The crew was already stoking a fire in the small cabin for the two moms. Once we escorted them to the door, we were off again, finally to see the lake.
To be continued…
Also, I promise to get pictures up this week of our snowshoeing/backpacking retreat. It’s already been 3 weeks since we went, and it’s been on my to-do list ever since! But here’s a little preview of what’s coming.
We have mixed feelings about moving to Arizona, you know. On one hand we’re excited to be close to some family and friends there. We’re excited about pleasant weather for so much of the year. We’re excited to escape head wounds from slipping on the ice. We’re excited to escape days like we’ve had the past 2 weeks, where it’s so cold you don’t go outside with a baby for fear of frostbite.
But on the other hand, there are days in Tucson where it’s so hot you don’t go outside for fear of heatstroke.
You win some, you lose some.
But at least we’re not moving to Edmonton!
M has been doing some research with a professor at the University of Alberta, and he had to drive up to visit for the beginning of an experiment. We decided to make a family trip out of the occasion. It was very cold. To be fair, it was really about the same temperature as Calgary that day, but Edmonton certainly wasn’t trying hard to win me over.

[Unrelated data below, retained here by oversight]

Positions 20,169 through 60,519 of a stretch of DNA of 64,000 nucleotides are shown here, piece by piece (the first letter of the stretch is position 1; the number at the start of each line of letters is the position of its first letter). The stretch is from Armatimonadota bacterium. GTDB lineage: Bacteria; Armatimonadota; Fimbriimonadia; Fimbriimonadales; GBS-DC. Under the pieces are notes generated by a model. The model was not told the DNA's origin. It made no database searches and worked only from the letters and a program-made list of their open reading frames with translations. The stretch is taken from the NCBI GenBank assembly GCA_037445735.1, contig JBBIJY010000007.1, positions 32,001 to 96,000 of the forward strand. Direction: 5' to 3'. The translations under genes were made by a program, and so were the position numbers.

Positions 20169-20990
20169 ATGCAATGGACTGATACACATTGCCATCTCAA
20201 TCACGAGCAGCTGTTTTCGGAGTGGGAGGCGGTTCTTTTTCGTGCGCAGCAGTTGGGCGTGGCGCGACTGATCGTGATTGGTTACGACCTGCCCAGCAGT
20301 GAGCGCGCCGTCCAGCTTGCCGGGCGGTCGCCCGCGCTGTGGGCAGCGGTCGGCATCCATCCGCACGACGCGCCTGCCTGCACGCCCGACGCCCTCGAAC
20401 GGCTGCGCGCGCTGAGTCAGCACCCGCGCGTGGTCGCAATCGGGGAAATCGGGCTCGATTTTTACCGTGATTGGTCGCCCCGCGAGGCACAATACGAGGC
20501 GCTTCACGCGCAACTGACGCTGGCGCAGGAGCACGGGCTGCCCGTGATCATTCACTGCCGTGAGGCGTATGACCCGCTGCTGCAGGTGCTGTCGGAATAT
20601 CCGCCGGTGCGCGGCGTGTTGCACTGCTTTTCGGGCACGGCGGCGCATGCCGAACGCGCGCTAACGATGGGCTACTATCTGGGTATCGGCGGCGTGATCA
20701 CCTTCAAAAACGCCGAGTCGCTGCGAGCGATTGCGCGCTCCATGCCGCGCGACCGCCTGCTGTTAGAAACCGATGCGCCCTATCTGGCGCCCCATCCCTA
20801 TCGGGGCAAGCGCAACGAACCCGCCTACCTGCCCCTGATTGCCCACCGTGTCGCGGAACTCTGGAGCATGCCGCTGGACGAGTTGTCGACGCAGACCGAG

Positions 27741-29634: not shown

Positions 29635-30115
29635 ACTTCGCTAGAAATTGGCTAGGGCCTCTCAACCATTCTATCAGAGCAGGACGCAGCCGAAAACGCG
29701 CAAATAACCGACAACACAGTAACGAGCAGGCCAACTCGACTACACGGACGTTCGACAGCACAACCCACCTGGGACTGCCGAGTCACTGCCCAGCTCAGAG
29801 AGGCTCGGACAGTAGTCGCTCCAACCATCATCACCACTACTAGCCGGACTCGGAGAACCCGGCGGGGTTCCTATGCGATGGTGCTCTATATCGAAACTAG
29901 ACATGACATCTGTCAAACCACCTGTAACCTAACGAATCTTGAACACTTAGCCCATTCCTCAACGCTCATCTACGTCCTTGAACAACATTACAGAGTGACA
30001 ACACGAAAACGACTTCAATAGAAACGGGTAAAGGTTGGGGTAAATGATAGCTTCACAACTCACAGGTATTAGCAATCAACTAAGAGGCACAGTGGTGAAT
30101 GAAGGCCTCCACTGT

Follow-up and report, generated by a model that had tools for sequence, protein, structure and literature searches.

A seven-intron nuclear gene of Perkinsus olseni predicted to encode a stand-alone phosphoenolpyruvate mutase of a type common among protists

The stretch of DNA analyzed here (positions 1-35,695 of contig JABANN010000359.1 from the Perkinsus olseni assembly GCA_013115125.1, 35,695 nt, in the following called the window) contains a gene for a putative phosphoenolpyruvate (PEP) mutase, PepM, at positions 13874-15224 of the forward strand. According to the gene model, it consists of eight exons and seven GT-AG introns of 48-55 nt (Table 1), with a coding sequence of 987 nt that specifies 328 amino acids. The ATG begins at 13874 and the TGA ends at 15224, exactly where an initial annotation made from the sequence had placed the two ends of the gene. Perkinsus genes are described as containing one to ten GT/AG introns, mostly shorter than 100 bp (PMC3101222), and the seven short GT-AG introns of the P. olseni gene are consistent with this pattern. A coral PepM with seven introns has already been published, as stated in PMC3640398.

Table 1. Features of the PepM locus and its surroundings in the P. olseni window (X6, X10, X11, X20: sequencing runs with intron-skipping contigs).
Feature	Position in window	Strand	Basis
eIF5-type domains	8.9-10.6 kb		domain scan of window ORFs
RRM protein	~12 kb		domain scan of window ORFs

E and I spent the majority of the day at the West Edmonton Mall while M was at the University (the other UofA). I’m not really into mall-walking (although I have learned it is a favorite pass-time of Canadian mums in the winter time) but I couldn’t just live this close to the largest mall in North America without paying a visit. We mostly looked at the attractions and bought some chips and salsa at the Asian grocery store inside. Yes, really. E liked the roller coasters best, though the skating rink was a big hit as well.